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Another Tory MP has called on the prime minister to resign over the partygate scandal.

Sir Bob Neill, who has represented Bromley and Chislehurst since 2006, said he could no longer support Boris Johnson.

It comes hours after Paul Holmes quit his role as parliamentary private secretary, blaming the PM for a ‘toxic culture’ in Downing Street.

A long-awaited probe into lockdown gatherings in Number 10 uncovered evidence of boozy parties that lasted through the night and disrespectful behaviour towards cleaning and security staff.

It concluded that ‘senior leadership at the centre, both political and official, must bear responsibility for this culture’.

Polls since its publication have found a clear majority of voters think the prime minister should quit.

Sir Bob said he had submitted a letter of no confidence to the 1922 Committee, saying ‘we cannot have one rule for those working in government and a different one for everyone else’.

In a statement, the justice select committee head said the report ‘highlighted a pattern of wholly unacceptable behaviour, spread over a number of months’ and said the breaches had caused ‘real pain’ to members of the public.

The prime minister dodged further questions about partygate during a visit to the North East today (Picture: PA)

‘I have listened carefully to the explanations the prime minister has given, in Parliament and elsewhere, and, regrettably, do not find his assertions to be credible.

‘That is why, with a heavy heart, I submitted a letter of no confidence to Sir Graham Brady on Wednesday afternoon.

‘Trust is the most important commodity in politics, but these events have undermined trust in not just the office of the prime minister, but in the political process itself.

‘To rebuild that trust and move on, a change in leadership is required.’

He becomes the sixth Tory to challenge Mr Johnson’s authority since the report was published and around the 20th to go public since the affair began.

The prime minister wants to ‘move on’ from partygate but a leadership election could yet be forced (Picture: Getty)

Earlier this week, former minister Stephen Hammond said he ‘cannot and will not defend the indefensible’.

David Simmonds and John Baron spoke out on Thursday, while Julian Sturdy called for the PM to quit hours after the publication.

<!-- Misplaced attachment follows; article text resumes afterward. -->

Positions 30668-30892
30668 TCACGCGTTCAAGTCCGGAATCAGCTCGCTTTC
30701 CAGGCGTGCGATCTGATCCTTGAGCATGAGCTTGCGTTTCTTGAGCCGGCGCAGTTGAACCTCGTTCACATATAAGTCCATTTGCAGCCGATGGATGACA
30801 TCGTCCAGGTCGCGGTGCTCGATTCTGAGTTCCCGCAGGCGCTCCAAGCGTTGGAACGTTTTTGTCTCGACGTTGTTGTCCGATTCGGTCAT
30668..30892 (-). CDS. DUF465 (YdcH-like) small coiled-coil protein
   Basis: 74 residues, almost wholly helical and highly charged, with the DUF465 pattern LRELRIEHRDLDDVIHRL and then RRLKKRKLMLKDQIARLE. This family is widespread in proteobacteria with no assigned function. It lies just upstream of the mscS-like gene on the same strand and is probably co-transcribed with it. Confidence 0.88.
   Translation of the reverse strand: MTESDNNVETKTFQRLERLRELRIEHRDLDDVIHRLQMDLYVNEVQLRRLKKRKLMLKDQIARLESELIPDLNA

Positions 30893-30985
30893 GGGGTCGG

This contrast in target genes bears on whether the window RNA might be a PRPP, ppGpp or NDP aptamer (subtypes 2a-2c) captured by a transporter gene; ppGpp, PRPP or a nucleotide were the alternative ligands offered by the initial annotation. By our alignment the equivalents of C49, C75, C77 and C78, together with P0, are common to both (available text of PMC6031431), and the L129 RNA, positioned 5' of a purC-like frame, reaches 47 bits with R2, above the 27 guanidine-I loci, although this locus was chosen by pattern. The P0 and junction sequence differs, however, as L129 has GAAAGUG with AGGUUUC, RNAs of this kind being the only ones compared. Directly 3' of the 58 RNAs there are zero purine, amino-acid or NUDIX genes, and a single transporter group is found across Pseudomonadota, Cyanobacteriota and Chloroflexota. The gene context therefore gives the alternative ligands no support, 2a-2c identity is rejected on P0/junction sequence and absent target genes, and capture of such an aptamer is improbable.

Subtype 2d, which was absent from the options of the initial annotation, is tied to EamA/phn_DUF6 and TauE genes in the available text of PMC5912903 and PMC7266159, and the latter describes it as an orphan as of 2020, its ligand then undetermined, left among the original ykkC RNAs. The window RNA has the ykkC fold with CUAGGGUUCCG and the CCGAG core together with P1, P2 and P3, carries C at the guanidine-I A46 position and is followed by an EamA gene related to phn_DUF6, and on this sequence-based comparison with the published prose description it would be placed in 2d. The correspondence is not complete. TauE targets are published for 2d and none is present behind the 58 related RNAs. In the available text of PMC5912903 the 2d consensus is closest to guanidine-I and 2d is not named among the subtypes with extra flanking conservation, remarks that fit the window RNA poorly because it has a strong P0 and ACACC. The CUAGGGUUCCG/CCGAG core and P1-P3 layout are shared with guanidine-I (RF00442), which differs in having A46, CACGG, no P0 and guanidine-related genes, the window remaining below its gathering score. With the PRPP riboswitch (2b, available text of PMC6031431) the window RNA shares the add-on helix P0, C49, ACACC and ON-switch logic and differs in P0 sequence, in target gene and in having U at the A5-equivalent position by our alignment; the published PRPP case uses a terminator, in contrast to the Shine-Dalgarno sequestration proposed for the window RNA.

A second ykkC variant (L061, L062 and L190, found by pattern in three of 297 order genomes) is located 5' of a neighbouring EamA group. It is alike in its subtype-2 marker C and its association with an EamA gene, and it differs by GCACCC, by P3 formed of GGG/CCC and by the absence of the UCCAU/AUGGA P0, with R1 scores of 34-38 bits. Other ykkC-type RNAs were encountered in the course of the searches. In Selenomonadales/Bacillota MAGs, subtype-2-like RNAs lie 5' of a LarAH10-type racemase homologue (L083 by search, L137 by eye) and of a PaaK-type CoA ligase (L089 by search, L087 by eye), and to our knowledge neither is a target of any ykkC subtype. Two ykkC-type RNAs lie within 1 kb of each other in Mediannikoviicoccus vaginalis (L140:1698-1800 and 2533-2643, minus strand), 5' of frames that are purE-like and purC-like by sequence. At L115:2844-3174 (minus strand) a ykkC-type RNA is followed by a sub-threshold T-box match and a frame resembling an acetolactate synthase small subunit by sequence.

Sir Graham Brady, who chairs the influential backbench organisation, does not publicly disclose how many letters of no confidence he has received.

A leadership election will be triggered when 54 have been submitted, with some MPs believed to have done so without publicly revealing their position.

What is the 1922 Committee and how does it work?

The group, which is formally known as the Conservative Private Members’ Committee, is the body which represents backbench Tory MPs. It acts as a forum for the rank and file to liaise with the government and plays a crucial role in organising Tory leadership elections.

The phrase ‘men in grey suits’, which refers to the Tory big hitters who hold sway in the party behind the scenes, has become synonymous with the committee. Its current chair is Sir Graham Brady.

Under 1922 Committee rules, Conservatives MPs can force a leadership election by submitting letters of no-confidence to the chair. A confidence vote is triggered if 15% of the parliamentary party submit the letters (that works out as 54 MPs). The letters are submitted anonymously and there is no public tally.

If the threshold is reached, a secret ballot of Tory parliamentarians will be held. Mr Johnson would need a simple majority of his own MPs to back him in order to hold on to his position.

Is he lost a confidence vote, the Tories would elect a new leader – and new prime minister – in a race which Mr Johnson would be barred from standing in. It’s unclear if he would remain PM during the election or whether an interim would take the reins while the process played out.

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